From: Keith Henson (email@example.com)
Date: Thu May 20 2004 - 22:11:47 MDT
At 09:50 PM 19/05/04 -0700, you wrote:
>On May 17, 2004, at 8:50 PM, Keith Henson wrote:
>>The most fundamental actions a person can take involves reproduction.
>>I am personally *extremely* uncomfortable because the logic and my
>>personal feelings are in deep conflict. If there is unlimited
>>reproduction or even replication in a limited environment, eventually the
>>population is reduced to extreme material poverty. They just don't have
>>enough atoms available.
>What does logic or your feelings have to do with it? We are fast
>developing the ability to reprogram ourselves.
Without the utmost caution, that way lies oblivion.
>We need not be bound by any supposed past evolutionary imperative that no
>longer serves what we choose to do next. Reading EP and understanding it
>should not lead to believing we are not increasingly free to re-write that
You really should read Minsky's society of mind on this topic. Being able
to change your deepest desires on a whim is not a power to be used lightly.
>It sometimes seems to me that even SL4 folks aren't fully cognizant of the
>degree of incredible pending freedom.
And after you have removed your basic drives just what are you going to do
with that "freedom"?
>>Now, with our memes shaped by a number generations of relative plenty, we
>>think that killing off the neighboring tribe's males and taking their
>>resources and women is double-plus-ungood. But if it comes down to
>>strong restrictions on breeding or an occasional bout of slaughter and be
>>slaughtered, which do you pick? The simplest math will tell you the
>>human race will be forced to picking one or the other, either by our own
>>volition or that imposed by an AI.
>It quite obviously comes down to no such thing unless we are foolish
>enough or simply too slow to grasp and exercise the potentials now before
>us. Why waste valuable time attempting to choose between two obviously
>inferior positions in the space of all possibilities?
>>(My personal preference is the third way, leave for the far side of the
>>galaxy and let others figure out what to do.)
>This is also an overly limited and limiting choice in my opinion.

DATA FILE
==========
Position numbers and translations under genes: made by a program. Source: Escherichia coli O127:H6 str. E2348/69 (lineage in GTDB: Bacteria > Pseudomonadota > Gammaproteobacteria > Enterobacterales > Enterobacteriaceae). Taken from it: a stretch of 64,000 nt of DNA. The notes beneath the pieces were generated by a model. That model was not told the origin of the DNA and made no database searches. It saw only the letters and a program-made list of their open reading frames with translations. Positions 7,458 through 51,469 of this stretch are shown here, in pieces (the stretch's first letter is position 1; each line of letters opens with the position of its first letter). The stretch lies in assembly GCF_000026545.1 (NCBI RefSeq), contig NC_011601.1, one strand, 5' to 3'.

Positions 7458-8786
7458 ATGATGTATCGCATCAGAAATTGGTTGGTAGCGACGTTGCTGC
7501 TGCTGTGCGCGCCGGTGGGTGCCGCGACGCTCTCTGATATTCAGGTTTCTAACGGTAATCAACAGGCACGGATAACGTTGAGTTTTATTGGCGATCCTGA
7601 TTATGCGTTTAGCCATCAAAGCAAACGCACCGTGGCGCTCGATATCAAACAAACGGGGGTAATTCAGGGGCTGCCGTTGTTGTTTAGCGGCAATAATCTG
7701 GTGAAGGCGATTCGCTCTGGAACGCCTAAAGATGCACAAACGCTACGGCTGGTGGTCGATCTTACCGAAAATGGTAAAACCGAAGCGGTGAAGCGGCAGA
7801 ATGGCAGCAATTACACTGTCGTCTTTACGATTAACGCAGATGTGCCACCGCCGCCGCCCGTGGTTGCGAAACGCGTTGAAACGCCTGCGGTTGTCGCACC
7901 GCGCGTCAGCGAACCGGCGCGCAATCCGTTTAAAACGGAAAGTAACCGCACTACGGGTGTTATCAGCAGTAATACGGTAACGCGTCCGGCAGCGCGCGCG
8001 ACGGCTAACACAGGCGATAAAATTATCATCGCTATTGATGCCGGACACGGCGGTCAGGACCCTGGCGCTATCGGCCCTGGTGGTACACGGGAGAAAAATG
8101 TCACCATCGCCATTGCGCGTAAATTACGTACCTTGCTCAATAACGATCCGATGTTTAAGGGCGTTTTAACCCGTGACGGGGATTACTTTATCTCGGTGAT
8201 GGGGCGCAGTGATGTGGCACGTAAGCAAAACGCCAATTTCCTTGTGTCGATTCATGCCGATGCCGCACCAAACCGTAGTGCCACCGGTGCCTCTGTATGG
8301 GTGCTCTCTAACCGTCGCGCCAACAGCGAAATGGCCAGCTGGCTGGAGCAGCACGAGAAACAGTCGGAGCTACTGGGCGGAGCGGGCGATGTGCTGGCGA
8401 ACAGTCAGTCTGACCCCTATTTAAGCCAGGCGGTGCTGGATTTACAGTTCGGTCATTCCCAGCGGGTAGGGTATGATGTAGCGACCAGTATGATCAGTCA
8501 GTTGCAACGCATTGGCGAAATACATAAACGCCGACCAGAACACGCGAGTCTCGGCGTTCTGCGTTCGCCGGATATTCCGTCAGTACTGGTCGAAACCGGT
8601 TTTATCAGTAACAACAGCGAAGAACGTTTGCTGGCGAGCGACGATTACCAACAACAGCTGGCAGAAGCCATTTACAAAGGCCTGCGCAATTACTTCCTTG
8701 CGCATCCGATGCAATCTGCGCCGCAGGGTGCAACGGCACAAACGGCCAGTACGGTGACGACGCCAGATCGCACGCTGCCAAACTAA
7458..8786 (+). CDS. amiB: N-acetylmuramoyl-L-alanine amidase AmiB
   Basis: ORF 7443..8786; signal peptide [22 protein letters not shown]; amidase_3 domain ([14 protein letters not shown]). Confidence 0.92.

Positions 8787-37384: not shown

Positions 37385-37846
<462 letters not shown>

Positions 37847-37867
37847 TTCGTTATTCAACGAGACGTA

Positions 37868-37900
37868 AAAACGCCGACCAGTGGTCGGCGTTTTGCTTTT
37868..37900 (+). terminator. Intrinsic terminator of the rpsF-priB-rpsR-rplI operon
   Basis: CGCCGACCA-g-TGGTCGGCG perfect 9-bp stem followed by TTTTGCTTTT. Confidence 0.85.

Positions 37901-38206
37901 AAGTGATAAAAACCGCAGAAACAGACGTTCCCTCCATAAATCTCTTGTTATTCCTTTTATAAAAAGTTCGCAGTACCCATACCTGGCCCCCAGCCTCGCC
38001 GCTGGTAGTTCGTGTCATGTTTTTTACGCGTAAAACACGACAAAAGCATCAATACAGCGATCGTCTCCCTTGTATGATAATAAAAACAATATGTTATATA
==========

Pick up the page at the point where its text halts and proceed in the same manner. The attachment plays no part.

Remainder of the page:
Do you have specific ideas of what to do?
>>>Keith, when you wrote: "...understanding these [Ev.Psyc.] matters might be
>>>essential to providing the environment in which friendly AI can be
>>>-- Sort of. It is not the environment that will be improved, but the
>>>accuracy of the FAI's human-cognition model.
>>I wasn't clear as to what I meant. AI research requires considerable
>>technologic support. An environment that because of massive resource
>>wars lacked computers and even food for the researchers would not be
>>conducive to much progress.
>Even without improving the human creatures and even without AI or MNT,
>there is no need for a resource war, especially in energy.
Certainly. 30 years ago I was working on solar power satellites, one of
the few ways that will solve the energy crisis. The problem is not "need
for a resource war," but getting one like it or not. As I put it recently,
stone age psychological traits pulling on
> It is more likely we will wreck our economies (as we are doing a fine
> job of in the US) and act so belligerently as to bring on a war of most
> other countries against the US. But it will not be over resources per
> se although that may be the most apparent "explanation".
>>>It is very important that an
>>>FAI understand the ways in which human think so that it can better model the
>>>future, and better understand the human-generated data that will be
>>>presented to it. It is not enough for an FAI to determine that Johnny
>>>behaves with an approximation to Bayesian rationality 82.6% of the time.
>>>FAI needs to know what Johnny is mentally doing the other 17.4%, and why,
>>>and in what situations his cognition is likely to switch between modes.
>The implicit assumption that humans will remain relatively static must
>also be overcome.
As I put it on another thread:
"It is a dire and depressing business to realize that genes optimized in
the stone age to cope with periodic privation of hunter gatherers are now
pulling strings attached to nukes."
This archive was generated by hypermail 2.1.5 : Wed Jul 17 2013 - 04:00:46 MDT